Brown, Chicago, Columbia, Cornell, & Rice: Information Session Summary

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By Rajkamal Rao

On May 2 2019, five elite colleges - Brown, Chicago, Columbia, Cornell and Rice - organized an information session in Ft. Worth. Over 300 people were in attendance. Please check out our post covering a similar session when Harvard, Stanford, Duke, Georgetown and Penn presented on May 21, 2019.

With marketing costs on the up, it is common these days for elite institutions with key similarities to team up for such roadshows. Each is an outstanding research university founded a long time ago, some, before the American Revolution. Each is known for distinguished academics, all with Nobel laureates on staff, many teaching undergrad classes. Class sizes are small. Each school offers 100+ clubs. All proudly host Division 1/NCAA sports teams. Nearly all have residence halls which bring a distinct student experience. All are need-blind in admissions, which means that the admissions office does not look at a family's financial ability to make an offer of admission. If a student is lucky enough to win admission, his/her future is virtually assured given the brand.

But there are also subtle differences. Rice is the smallest of them all with only 4,000 undergrads in total, that is, a Freshman class size of just 1,000. Read our detailed Rice on-campus tour report from October 2018 here.

Cornell is the most rural, 4 hours from New York City. It's the only major institution which has a college dedicated to Labor Relations. 

Columbia's major appeal is that it is in New York City. This is so much a part of what the school is that New York is inscribed into its very name. Naturally, internship and job opportunities abound for students who do well.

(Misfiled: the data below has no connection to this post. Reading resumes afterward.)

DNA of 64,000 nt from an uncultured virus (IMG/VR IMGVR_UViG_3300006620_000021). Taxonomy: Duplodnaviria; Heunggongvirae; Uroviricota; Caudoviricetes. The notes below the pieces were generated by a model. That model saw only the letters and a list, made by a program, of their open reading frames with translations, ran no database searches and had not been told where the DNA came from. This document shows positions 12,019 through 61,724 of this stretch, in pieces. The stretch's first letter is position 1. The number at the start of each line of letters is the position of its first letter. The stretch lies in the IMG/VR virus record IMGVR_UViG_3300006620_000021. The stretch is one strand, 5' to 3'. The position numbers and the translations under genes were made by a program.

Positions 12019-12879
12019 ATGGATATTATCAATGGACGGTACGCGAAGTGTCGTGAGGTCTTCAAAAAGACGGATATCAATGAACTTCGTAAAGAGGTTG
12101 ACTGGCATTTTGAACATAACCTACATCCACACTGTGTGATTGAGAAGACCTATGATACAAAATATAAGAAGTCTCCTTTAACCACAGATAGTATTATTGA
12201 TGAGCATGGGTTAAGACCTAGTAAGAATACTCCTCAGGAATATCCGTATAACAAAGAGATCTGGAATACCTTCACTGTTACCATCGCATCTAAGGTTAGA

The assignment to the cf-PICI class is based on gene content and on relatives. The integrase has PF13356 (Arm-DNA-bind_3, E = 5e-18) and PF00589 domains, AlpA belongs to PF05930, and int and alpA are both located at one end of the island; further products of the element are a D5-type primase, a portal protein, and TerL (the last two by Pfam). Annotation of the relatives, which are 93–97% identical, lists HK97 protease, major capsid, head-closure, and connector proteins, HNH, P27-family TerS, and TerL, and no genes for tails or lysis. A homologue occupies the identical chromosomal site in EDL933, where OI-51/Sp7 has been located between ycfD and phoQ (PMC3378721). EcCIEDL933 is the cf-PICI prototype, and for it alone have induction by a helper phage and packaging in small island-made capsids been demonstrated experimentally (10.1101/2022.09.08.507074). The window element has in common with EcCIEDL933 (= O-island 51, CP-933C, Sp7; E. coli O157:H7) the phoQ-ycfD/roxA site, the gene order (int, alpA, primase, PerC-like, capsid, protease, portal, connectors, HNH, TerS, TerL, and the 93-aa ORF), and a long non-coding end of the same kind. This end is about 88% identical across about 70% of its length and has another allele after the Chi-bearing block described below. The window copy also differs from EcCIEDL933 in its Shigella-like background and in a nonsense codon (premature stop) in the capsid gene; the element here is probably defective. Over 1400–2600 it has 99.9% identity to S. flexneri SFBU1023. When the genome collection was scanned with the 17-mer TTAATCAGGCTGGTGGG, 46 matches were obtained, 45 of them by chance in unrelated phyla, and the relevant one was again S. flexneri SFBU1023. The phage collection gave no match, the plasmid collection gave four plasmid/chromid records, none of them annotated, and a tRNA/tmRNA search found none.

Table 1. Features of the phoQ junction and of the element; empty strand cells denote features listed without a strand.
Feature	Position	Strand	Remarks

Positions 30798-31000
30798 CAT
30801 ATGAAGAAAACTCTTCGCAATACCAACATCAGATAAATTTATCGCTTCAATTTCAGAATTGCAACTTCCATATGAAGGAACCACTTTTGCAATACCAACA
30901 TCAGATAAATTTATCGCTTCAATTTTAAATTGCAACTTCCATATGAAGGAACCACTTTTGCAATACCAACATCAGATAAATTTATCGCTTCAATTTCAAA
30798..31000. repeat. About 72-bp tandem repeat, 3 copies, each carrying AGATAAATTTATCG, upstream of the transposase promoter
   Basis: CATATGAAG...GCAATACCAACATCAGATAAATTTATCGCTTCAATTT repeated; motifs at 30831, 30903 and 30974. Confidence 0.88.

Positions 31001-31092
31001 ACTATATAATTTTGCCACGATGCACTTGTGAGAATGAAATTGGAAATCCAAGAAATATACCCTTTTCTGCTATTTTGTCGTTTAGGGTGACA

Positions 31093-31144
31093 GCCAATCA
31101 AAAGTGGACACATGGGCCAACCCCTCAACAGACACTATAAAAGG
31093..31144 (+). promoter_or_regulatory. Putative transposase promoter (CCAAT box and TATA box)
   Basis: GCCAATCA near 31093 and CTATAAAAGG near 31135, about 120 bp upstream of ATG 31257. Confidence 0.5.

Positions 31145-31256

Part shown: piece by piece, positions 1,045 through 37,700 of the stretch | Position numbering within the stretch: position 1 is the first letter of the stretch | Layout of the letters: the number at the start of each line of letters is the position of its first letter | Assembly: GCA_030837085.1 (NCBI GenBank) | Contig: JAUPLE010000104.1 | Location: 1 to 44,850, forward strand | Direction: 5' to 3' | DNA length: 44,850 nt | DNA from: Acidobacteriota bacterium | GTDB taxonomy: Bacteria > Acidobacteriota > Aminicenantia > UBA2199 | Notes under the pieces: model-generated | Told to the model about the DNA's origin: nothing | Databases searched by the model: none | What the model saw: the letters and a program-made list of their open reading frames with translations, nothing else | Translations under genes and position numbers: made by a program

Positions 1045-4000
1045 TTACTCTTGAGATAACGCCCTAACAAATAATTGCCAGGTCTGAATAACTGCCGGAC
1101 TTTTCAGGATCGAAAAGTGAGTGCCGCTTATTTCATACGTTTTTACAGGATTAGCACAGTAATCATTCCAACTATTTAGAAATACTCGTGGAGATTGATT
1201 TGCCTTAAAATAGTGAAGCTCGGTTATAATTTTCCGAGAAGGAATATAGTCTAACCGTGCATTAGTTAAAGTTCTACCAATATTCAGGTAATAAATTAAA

Brown has a beautiful campus in the Ocean State of Rhode Island, close to New York City and even closer to Boston. It's the only school with an open curriculum which means that students can literally take whatever courses they want. Like most other schools, students don't have to declare their concentrations until the end of their sophomore year.

Chicago offers over 50 majors and is known to fund internships. Its Economics degree is the most sought after. It's the only major that is fully test-optional, so no ACT/SAT scores are required.

Getting in

Each school is highly selective, accepting fewer than 10% of applicants. Some are even more selective. You must have a near perfect student profile - grades, test scores, evidence of taking on difficult courses in high school, recommendations, essays, strong extracurriculars, leadership in community service and a personality which stands out. And all these are just to get past the gate. After that, getting in requires a nod from God.

Each school prides itself on trying to know more about you through its supplemental essays. An excellent essay still doesn't get you in, but an average essay surely gets you out of contention.

There are so many administrative things to keep tabs on that one needs to be tremendously organized to complete all tasks within stated deadlines. As a rule, financial aid deadlines don't coincide with deadlines from the office of admissions. All schools will require both the FAFSA and the CSS applications to be completed.

Our takeaway

Hire a professional counselor - it's worth the investment. We are glad to help and offer you peace of mind during the admissions process. Individual counseling is part of the Premium Offering of Rao Advisors and involves a fee.  Please contact us for more information.

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